Reviews -- By: Anonymous
JMAT 7:1 (Spr 03) p. 128
“What Remains of the Hebrew Bible? Its Text and Language in a Postmodern Age.” David J. A. Clines. Studia Theologica 54 (2001):76-95.
This article by the prolific author and well-known editor of the JSOT Supplements series, David J. A. Clines, is profoundly disturbing. Clines’s argument is that the text of the Old Testament is uncertain and unknowable. Clines states without qualification that differences between the psalms preserved in 2 Samuel 22 and Psalm 18 reflect textual corruption (78). Clines compares the texts of these two psalms as preserved in the Massoretic Text, the versions, and 4QSama from Qumran and concludes that there are 177 variants in the 382 words of the psalm in 2 Samuel 22 (78). With adjustments for the fact that poetry might naturally contain more variants than prose and other similar factors, Clines extrapolates his study to the whole Old Testament text and suggests that one word out of every four in the Hebrew Bible is in doubt (81). Since additional manuscript discoveries may provide additional variants, we cannot be certain whether any given word is original or not. In Clines’s words: “For most practical purposes, it is as if every single word in the Hebrew Bible was a known variant, and as if we possessed an entirely uncertain text” (81). Clines then argues that that the old distinction between an attested reading and a conjectural emendation is invalid: “Now, in a postmodern mode, we are bound to ask whether this distinction between ‘attested’ and ‘conjectural’ emendations… does not lay itself open to deconstruction” (85). Since the whole text is in doubt, a conjectural emendation should be regarded as just as valid as an attested variant—perhaps more valid, he implies, because at least the emendation is suggested thoughtfully and deliberately, and is not the result of an unwitting textual mistake (85).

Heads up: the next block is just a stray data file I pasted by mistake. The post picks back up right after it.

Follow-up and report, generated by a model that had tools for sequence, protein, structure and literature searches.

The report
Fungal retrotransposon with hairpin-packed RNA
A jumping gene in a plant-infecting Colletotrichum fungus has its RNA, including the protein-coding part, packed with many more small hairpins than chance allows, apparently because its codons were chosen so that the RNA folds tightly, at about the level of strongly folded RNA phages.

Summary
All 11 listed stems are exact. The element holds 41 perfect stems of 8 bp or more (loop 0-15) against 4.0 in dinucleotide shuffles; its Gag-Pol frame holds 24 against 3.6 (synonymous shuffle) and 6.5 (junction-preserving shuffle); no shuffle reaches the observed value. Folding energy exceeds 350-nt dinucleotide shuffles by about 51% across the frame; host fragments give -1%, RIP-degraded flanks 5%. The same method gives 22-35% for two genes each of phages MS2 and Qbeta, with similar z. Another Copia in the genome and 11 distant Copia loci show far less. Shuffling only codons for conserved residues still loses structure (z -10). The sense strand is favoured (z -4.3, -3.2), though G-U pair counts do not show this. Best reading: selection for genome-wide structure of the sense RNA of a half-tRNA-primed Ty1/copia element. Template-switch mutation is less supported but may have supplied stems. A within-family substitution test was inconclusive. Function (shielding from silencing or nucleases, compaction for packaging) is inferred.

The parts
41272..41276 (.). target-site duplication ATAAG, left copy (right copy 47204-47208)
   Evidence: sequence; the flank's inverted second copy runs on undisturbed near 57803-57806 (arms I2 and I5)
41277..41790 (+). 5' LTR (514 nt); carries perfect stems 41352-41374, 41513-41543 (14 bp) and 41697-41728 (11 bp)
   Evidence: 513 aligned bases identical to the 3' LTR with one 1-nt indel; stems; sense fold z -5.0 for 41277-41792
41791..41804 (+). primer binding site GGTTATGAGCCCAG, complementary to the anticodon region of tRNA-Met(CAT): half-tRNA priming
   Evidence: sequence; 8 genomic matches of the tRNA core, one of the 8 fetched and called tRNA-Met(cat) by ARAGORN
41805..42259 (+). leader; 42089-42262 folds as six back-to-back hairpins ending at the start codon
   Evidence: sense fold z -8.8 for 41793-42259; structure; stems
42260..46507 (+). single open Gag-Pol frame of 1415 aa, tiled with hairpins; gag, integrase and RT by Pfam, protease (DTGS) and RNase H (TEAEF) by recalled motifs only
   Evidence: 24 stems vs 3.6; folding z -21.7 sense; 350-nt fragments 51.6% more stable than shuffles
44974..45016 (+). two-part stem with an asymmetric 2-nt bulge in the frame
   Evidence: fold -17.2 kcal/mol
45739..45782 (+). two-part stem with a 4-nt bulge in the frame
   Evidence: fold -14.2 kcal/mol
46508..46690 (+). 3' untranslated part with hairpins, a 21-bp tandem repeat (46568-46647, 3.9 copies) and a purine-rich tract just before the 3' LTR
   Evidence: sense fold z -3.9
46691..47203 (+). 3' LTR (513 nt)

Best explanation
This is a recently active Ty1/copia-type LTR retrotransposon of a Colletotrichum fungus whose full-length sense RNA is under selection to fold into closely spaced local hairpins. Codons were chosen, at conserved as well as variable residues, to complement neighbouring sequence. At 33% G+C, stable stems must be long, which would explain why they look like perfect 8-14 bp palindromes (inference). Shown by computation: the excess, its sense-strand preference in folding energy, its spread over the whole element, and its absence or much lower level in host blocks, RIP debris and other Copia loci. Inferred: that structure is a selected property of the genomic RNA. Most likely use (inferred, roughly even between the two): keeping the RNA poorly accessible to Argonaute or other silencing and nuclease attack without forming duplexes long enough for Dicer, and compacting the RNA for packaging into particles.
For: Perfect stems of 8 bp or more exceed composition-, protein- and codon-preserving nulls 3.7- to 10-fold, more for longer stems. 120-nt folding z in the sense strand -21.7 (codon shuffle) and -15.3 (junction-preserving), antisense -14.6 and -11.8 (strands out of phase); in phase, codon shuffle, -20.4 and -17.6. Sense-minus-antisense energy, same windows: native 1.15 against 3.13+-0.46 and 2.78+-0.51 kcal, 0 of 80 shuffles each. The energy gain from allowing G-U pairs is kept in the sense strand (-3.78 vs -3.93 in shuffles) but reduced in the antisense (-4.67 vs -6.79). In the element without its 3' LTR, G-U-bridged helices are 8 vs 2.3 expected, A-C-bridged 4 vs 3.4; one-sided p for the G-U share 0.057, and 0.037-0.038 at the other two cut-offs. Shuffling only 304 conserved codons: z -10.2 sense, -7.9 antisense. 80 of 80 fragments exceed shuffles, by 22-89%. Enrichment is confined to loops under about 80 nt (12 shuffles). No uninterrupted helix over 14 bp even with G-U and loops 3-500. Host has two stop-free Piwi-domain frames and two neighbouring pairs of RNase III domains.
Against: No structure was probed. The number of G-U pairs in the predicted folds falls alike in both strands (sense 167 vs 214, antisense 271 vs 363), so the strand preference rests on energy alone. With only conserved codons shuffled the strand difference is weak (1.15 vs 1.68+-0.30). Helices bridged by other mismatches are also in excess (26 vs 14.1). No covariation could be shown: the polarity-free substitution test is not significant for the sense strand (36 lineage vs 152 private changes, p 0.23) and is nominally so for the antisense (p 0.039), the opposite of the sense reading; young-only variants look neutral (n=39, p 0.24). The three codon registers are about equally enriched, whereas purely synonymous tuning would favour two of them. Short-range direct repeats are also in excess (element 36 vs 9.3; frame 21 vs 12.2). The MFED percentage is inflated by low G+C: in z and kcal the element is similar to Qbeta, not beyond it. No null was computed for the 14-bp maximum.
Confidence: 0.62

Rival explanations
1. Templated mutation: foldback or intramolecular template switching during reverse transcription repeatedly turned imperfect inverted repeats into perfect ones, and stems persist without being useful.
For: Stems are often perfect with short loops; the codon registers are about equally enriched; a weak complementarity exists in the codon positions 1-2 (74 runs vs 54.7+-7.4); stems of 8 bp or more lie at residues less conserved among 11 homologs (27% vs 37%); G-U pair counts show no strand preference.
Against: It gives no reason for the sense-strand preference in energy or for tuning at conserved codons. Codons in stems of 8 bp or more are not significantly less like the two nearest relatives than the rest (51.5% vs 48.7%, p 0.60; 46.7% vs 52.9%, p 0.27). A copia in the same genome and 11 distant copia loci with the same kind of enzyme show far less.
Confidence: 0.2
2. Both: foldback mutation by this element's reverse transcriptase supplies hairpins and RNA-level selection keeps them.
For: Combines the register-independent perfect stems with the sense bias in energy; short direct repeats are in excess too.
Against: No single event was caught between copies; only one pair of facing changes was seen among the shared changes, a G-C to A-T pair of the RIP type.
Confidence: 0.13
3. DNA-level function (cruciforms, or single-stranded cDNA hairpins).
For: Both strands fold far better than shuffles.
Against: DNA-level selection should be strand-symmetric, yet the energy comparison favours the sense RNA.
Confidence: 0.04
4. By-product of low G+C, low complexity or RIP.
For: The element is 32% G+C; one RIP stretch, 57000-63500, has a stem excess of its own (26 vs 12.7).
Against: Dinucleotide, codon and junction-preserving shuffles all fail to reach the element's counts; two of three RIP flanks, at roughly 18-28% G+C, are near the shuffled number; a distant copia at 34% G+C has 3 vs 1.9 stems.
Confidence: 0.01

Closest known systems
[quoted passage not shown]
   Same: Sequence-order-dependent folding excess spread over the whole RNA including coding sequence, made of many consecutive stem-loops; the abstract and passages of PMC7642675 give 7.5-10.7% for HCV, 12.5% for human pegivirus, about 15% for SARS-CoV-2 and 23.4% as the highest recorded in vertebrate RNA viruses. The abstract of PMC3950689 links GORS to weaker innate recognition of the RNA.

The second part of Clines’s article concerns the addition of new words to the Hebrew vocabulary. From research for the fifth volume of the Dictionary of Classical Hebrew, he argues that some 725 new words have been suggested for the words beginning with Mem and Nun while the standard lexicon by Brown, Driver, and Briggs contains 1469 words in this section of the vocabulary (87). Admitting that “Not all the proposals, even those I have selected above, are self-evidently superior to traditional meanings” (88), he concludes that the meaning of approximately one word in twenty in the Old Testament is in
JMAT 7:1 (Spr 03) p. 129
doubt (91). At the conclusion of his article, Clines says, “What I have to suggest today ...
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